"There was no such thing as Palestinians...It was not as though there was a Palestinian People in Palestine considering itself as a Palestinian people, and we came and threw them out and took their country away from them. They did not exist."
That every Palestinian has a legitimate, individual right to return to his or her original home and to absolute restitution of his or her property.
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The right of repatriation to one's home is claimed on the basis that the attachment of individuals to territory is a basic human right. The Universal Declaration of Human Rights, Article 13, states: "Everyone has the right to leave any country, including his own, and to return to his country." The International Covenant on Civil and Political Rights, Article 12, states: "No one shall be arbitrarily deprived of the right to enter his own country."
The term "country" here includes one where a person has the right of nationality, even if sovereignty has changed there. Before 1948, Palestinian Arabs were nationals of Palestine, then under British administration. When Israel exerted sovereignty over that territory, it was under an obligation to recognize the nationality rights of the existing population. It refused, however, to do so.
No state may refuse to offer its nationality to an inhabitant of territory over which it exerts its sovereignty, whether the inhabitant is physically present at the time of the intial exertion of sovereignty. This right is typically affirmed at the time of a change in sovereignty, if the change is effected by a treaty. Thus, for example, when the USA purchased Alaska from Russia, the treaty effecting the purchase required the USA to offer USA nationality to Russian nationals who lived in Alaska.
No state may refuse entry and resident rights to persons having a legitimate connection to the territory. For the Palestinian refugees, the right of attachment to the territory that became the State of Israel and the right of return to that territory is recognized by the international community through repeated assertions beginning in 1948, when the UN General Assembly adopted Resolution 194. Paragraph 11 of Resolution 194 affirmed the proposition that existing populations must be offered nationality in a territory in which sovereignty changes. It called on Israel to permit the repatriation of the Palestinians who had been displaced in 1948 and viewed Israel as being legally required to do so.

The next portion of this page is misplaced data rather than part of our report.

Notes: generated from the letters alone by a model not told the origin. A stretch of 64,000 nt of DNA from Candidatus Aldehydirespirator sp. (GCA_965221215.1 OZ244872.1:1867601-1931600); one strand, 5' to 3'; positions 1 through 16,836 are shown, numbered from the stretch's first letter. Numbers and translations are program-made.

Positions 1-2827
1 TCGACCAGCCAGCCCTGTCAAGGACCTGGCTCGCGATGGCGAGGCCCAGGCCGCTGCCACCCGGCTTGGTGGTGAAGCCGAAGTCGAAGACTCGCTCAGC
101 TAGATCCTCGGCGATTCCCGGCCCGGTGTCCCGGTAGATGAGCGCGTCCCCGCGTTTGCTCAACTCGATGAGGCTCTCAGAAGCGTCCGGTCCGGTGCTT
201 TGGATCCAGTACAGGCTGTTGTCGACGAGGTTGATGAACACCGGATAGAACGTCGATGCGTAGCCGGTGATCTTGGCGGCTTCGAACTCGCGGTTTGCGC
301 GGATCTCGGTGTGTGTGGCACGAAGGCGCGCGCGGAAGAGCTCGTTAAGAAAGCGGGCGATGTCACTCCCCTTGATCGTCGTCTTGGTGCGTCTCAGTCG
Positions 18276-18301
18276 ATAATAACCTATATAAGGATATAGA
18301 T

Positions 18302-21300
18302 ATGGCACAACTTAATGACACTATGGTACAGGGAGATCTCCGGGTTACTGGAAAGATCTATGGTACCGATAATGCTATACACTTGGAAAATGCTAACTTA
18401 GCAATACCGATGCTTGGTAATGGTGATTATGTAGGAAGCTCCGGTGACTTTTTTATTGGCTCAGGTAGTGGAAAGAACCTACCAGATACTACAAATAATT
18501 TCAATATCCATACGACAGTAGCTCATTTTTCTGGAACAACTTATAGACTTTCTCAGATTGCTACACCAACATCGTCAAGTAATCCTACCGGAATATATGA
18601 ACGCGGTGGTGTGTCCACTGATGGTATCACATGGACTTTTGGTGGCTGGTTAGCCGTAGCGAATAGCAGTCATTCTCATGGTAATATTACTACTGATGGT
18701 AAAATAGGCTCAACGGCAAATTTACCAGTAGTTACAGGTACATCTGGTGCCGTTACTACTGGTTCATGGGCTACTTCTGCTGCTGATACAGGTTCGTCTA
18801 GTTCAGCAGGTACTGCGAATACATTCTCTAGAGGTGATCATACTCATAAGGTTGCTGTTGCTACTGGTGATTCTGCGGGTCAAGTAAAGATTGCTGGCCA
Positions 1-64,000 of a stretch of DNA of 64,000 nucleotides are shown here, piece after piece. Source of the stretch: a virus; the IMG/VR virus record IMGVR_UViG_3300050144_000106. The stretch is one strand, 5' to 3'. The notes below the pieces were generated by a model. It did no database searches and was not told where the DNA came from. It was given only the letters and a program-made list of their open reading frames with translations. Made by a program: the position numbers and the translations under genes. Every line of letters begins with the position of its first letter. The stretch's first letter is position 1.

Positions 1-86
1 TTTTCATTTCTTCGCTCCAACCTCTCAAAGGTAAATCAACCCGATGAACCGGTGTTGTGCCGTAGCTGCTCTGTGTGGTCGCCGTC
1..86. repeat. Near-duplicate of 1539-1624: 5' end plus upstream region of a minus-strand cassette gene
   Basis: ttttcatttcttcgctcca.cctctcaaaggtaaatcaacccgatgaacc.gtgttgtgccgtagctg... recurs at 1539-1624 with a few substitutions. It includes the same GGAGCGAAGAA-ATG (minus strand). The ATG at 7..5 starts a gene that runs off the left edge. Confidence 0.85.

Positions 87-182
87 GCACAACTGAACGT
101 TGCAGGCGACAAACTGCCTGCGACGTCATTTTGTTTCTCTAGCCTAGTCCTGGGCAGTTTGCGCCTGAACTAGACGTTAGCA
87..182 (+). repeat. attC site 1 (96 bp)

Being a human right, the right to be offered nationality and to be repatriated cannot be bargained away by any state or entity. A state may assist its nationals in effectuating this right, but the right is an individual right and exists apart from the action of the state in regard to it. Resolution 194, Paragraph 11 clearly recognizes this by affirming that every refugee should be permitted to return and clearly identifying it as an individual choice that cannot be made by others on behalf of the individual. It states "that the refugees wishing to return to their homes and live at peace with their neighbors should be permitted to do so as the earliest practicable date."
Even though the right involved is an individual right, a state representing the Palestinians may negotiate on its behalf to implement the right. Thus, the State of Palestine may negotiate with Israel to implement the repatriation of the Palestinian refugees. The Palestinian Liberation Organization (PLO) and Palestinian Authority (PA) currently are functioning as the governing body of the State of Palestine and thus are the proper entities to carry out that negotiation.
If, however, the State of Palestine were to conclude with Israel a treaty that either omits mention of the repatriation of the Palestinian refugees, or that renounces such repatriation, the individual right of repatriation would not thereby be erased. In that situation, the implementation of repatriation would be rendered more problematic. Practical mechanisms to force Israel to repatriate would be difficult to find. As a result, the current negotiations are highly significant in implementing the right of return of the Palestinian refugees.
According to widely accepted standards of international law -- existing international law and UN resolutions can be replaced only by a political agreement whose provisions grant rights equal to or beyond those defined by international law.
Neither can UN resolution 194 be invalidated by the declaration of a Palestinian state on a specific part of territory, as it clearly provides for the refugees' right to return to their homes, even where these homes are located in what has become the state of Israel.
The right of return, solidly anchored in a wide range of international laws, will remain a human right and a legitimate claim, until surrendered by the Palestinian refugees themselves.